New Dinosaur Species Discovered in Australia: Weewarrasaurus pobeni

Friday, December 7, 2018

An artist’s impression of Weewarrasaurus pobeni. Image credit: James Kuether.

Paleontologists in Australia have found a fossil fragment from a new species of ornithopod dinosaur that walked the Earth approximately 100 million years ago (Cretaceous period).

The new Australian dinosaur, named Weewarrasaurus pobeni, was about the size of a large dog.

The ancient creature was an ornithopod dinosaur, part of a group of small plant-eating species that moved around on two legs and that were particularly abundant on the Cretaceous floodplains of eastern Australia.

A fragment of the jawbone of Weewarrasaurus pobeni was found deep in an underground mine at the Wee Warra locality close to the Grawin/Glengarry opal fields, approximately 25 miles (40 km) southwest of Lightning Ridge, central-northern New South Wales.

The fossil was analyzed by a team of paleontologists from the Australian Opal Centre and the Universities of New England and Queensland.

“Like all fossils from the Lightning Ridge opal mines, the lower jaw of Weewarrasaurus pobeni is preserved in opal,” said University of New England’s Dr. Phil Bell and co-authors.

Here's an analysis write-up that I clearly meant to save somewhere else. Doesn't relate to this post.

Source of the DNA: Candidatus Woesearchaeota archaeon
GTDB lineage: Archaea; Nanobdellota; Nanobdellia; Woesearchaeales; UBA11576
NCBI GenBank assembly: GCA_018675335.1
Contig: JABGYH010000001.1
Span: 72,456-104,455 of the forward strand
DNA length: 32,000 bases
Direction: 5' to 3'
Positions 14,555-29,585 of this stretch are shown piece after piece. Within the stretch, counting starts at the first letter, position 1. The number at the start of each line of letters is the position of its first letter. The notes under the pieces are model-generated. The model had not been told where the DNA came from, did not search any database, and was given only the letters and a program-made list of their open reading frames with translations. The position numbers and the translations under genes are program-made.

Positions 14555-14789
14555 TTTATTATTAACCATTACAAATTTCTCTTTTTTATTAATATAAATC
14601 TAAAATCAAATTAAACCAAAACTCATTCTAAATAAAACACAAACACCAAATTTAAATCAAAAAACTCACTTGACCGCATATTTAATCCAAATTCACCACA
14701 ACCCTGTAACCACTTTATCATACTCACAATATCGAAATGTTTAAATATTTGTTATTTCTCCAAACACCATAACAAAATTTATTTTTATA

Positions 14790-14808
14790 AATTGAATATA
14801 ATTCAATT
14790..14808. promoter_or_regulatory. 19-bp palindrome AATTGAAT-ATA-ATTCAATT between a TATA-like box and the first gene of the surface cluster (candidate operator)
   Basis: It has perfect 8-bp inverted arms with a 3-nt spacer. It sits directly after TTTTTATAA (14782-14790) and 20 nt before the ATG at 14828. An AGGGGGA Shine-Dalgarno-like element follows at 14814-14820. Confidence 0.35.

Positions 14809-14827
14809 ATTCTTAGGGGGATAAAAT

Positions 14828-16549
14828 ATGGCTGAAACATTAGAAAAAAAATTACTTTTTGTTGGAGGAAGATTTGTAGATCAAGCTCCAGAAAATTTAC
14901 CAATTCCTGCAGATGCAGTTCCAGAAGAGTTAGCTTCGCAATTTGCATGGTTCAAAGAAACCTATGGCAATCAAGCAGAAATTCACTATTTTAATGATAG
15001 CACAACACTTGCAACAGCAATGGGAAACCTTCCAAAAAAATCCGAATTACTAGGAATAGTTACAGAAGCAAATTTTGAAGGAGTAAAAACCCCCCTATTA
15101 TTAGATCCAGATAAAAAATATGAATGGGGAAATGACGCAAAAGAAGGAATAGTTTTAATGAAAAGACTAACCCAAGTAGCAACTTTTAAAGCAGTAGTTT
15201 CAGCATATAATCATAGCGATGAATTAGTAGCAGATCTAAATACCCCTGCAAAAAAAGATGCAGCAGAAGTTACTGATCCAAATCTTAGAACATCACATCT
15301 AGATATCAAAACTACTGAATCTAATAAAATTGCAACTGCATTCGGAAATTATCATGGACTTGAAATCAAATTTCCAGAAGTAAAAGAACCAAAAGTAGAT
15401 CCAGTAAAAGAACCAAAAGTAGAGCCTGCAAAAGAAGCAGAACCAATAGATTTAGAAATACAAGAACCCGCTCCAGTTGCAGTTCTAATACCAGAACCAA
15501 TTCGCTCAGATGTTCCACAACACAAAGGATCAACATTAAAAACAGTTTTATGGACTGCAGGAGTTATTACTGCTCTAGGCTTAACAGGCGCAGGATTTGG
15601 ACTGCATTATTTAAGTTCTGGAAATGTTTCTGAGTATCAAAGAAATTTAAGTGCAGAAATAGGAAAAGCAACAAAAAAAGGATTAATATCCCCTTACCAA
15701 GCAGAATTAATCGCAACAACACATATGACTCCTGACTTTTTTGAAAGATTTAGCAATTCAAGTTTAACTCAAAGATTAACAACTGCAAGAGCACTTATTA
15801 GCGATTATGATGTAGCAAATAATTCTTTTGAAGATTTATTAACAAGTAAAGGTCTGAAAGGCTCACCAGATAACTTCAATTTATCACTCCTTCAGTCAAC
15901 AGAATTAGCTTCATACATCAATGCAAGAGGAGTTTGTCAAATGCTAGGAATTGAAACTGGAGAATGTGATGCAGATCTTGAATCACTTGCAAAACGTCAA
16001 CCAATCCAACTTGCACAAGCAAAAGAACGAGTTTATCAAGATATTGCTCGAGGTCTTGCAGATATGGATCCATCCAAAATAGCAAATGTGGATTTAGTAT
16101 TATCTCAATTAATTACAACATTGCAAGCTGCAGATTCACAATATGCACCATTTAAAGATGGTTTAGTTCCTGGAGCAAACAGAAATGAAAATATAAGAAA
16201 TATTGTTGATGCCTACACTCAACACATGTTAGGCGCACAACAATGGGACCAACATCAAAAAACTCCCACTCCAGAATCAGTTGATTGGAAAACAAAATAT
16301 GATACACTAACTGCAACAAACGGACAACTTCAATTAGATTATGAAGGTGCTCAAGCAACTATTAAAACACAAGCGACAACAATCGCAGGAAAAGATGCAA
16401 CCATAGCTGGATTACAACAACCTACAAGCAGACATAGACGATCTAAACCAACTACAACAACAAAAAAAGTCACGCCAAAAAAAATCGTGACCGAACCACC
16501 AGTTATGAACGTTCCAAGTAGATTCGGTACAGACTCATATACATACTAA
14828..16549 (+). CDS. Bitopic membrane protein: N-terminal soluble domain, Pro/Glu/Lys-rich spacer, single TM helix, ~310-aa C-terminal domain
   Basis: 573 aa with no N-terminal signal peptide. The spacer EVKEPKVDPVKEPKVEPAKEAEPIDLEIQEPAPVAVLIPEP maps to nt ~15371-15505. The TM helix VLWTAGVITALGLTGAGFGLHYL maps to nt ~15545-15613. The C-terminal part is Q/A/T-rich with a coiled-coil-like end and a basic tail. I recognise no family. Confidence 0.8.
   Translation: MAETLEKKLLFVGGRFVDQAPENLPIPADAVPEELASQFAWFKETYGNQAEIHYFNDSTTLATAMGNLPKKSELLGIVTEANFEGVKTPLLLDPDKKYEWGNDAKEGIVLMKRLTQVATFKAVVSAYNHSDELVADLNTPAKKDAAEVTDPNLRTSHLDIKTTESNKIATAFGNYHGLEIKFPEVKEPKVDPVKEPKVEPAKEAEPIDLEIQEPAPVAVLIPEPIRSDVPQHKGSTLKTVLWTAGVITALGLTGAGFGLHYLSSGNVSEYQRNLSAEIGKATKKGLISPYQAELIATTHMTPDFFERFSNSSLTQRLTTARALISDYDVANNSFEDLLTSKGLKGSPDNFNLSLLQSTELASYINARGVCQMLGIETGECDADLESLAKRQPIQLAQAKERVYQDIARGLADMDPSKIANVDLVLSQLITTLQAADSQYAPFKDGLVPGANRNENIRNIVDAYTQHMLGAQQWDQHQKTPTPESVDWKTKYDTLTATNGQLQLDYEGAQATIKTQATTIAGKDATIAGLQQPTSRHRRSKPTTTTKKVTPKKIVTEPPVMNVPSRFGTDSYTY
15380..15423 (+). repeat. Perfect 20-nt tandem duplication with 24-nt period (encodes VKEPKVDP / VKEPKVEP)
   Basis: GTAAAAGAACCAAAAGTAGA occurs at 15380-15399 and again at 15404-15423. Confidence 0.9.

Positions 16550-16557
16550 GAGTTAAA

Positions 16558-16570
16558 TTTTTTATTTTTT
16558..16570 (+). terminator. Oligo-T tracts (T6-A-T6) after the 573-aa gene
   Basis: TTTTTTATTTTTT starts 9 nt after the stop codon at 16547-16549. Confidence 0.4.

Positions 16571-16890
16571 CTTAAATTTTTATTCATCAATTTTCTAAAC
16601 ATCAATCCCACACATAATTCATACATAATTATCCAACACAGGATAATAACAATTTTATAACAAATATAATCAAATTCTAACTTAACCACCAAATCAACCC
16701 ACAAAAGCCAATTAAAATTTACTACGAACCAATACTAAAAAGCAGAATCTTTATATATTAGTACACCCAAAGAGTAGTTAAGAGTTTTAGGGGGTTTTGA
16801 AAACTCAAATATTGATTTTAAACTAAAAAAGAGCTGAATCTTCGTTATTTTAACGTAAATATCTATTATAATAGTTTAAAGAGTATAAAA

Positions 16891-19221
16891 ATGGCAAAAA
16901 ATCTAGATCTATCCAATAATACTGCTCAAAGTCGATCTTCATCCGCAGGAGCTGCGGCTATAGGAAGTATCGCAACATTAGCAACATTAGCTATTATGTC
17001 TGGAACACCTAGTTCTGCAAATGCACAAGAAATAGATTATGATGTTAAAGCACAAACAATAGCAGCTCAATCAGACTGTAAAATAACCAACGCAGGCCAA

“Lightning Ridge is the only place in the world where dinosaur bones routinely turn to opal.”

The lower jaw of Weewarrasaurus pobeni. Image credit: Bell et al, doi: 10.7717/peerj.6008.

Lightning Ridge is a world-class fossil resource because it preserves a unique suite of Cretaceous fauna.

“If these fossils were in surface rock, like those found in China and Mongolia, it would be an absolute treasure-trove,” Dr. Bell said.

“Unfortunately, the fossil remnants we see are almost always part of mining spoil, because they sit in rock strata that lie up to 100 feet (30 m) underground.”

“The mining process breaks the fossils into fragments — but on the other hand, we would never get to see even those fragments if it wasn’t for mining.”

“The jawbone of Weewarrasaurus pobeni is a supremely rare and unlikely discovery,” said Dr. Jenni Brammall, manager of the Australian Opal Centre.

“This incredible little object is both the 100 million-year-old jaw of a new dinosaur species and a precious gemstone.”

The discovery is reported in the journal PeerJ.


P.R. Bell et al. 2018. Ornithopod diversity in the Griman Creek Formation (Cenomanian), New South Wales, Australia. PeerJ 6: e6008; doi: 10.7717/peerj.6008